- Duplicate background layer.
- Select: Color Range - Highlights.
- Expand selection: 8 px.
- Deselect, and Select: Color Range - Highlights.
- Contract selection: 2 px.
- Select layer mask from adjustment layer, and Fill: Black
- Deselect, and Gaussian Blur: 3 px.
- Select master channel.
- Apply ultra-aggressive unsharp mask (e.g. 200%, 4 px, 0 levels). (The mask will leave out the high-contrast edges, where sharpening haloes would be most apparent.)
- Select mask channel.
- Use the eraser and airbrush to mask in and out problem areas -- sharpening artifacts on the one hand, soft areas on the other.
- Lower layer opacity until the picture stops looking unnatural.
- See if it looks better with Luminosity blend mode.
Apart from halation, a specific type of flare, two other types are worth looking at: flare spots and veiling. Flare spots are caused by reflections of a point-like light source (usually the sun) inside the lens, and appear as circular or polygonal shapes, often with a color tint, lined up in the picture. Veiling is more subtle: it's caused by incident light bouncing around in the lens and reducing overall contrast: a picture with heavy veiling looks like it was shot through pantyhose.
Veiling has played hell with the contrast on this picture: it looks like it was shot through pantyhose. You can also see a few small but pretty bright flare spots in it.
Assessing flare: Shoot two test frames: one with the sun just outside the frame, and another with, say, a bright window and darker room, exposing for the room and overexposing the window. Take a comparison shot of the room with the window outside the frame. Look for flare spots in the first one, and overall contrast compared to the reference shot in the other.
Excellent: Faint or no flare spots. Little or no visible loss of contrast in the window test.
Good: Visible but not very bright flare spots. Visible loss of contrast, but still usable frame.
Not-so-good: Bright flare spots. Severe loss of contrast; picture difficult to rescue.
Bad: Bright flare spots and lines. Picture ruined by veiling; low-contrast detail gone, impossible to recover in post-processing.
Ramifications: This depends a lot on what you intend to do with the lens. A landscape lens with bad veiling flare problems is a bad proposition, as the bright sky will wipe out much of the contrast in many cases. The same behaviour may make little difference on a portrait lens used for low-contrast scenes and controlled lighting.
Remedies: Especially on longer lenses, both kinds of flare can be very effectively combatted with lens hoods: if no incident light hits the lens, you will see no flare spots and much less veiling. Flare is difficult to clean up in post: contrast that is gone can only be restored to a degree, by "printing through" it using levels, curves, or a large-radius, low-amount unsharp mask (see my Levels, Curves, and Sharpening lessons for techniques) -- but the end result won't have the pop it would originally have had. Flare spots can actually be used effectively as a part of the composition, or pretty effectively toned down using the Burn tool.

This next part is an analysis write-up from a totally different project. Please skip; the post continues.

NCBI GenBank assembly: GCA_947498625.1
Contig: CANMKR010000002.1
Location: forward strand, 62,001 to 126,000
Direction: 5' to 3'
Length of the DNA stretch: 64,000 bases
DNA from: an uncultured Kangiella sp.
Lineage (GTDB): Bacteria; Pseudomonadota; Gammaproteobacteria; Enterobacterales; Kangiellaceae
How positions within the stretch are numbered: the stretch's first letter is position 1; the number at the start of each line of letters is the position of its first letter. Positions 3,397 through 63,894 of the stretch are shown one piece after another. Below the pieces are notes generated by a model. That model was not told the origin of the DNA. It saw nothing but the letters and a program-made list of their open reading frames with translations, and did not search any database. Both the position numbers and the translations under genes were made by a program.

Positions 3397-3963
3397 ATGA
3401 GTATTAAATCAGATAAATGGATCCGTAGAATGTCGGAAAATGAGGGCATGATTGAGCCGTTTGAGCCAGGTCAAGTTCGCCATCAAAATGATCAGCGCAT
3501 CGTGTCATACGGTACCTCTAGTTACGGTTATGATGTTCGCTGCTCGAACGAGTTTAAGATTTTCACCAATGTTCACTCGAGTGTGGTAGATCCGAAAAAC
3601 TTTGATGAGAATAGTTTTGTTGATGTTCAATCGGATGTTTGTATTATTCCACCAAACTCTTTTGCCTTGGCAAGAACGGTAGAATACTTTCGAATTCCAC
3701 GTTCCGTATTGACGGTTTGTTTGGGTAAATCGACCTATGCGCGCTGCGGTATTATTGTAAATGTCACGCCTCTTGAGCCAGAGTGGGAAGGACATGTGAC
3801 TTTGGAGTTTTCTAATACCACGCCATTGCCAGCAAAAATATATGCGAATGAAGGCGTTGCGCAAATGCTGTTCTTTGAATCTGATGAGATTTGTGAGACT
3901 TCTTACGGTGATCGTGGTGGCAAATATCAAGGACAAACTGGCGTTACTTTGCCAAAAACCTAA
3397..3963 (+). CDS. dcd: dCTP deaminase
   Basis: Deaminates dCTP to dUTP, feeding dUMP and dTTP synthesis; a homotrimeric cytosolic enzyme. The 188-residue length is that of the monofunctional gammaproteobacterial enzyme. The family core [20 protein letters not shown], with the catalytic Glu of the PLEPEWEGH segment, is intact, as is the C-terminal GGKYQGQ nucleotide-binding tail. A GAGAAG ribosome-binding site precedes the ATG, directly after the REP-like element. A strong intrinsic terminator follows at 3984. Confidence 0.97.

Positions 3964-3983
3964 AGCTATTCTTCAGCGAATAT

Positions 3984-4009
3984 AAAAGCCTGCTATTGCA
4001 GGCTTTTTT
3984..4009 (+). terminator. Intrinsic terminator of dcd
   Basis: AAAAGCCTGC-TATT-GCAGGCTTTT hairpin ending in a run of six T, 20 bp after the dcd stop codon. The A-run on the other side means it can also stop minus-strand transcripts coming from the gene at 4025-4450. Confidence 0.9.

Light fall-off (vignetting)
Especially wide-open, most lenses are brighter in the center than the edges. This is especially pronounced with wide-angles and some long teles. This phenomenon is known as light fall-off or vignetting.
A fairly mild case of vignetting. If a lens does no worse than this wide-open, it's pretty good.
Assessing vignetting: Take a test shot of a scene with even lighting. If there's significant vignetting, the center will be visibly brighter than the corners.
Excellent: No obvious vignetting at any aperture.
Good: Some vignetting wide-open; gone one or two stops down.
Not-so-good: Wide-open vignetting is bad enough to need post-processing. Some visible even stopped-down.
Bad: Vignetting bad enough to need correction in-camera (with a circular-graded neutral-density filter), or use of B/W negative film. You might see this on an ultra-ultra-wide rectilinear SLR lens, such as a 14 or 15 mm. It does happen on the widest rangefinder lenses currently available (the 12 mm Voigtländer Heliar, for example).
Ramifications: In my opinion, vignetting is close to a non-issue. It's extremely unlikely to be bad enough that it can't be pretty easily corrected in post-processing (with a curves tweak and circular-graded mask).
Remedies: Vignetting is easy to fix in post, unless it's really bad (over a stop and a half or so):
- New Adjustmen Layer: Curves, blend mode Luminosity.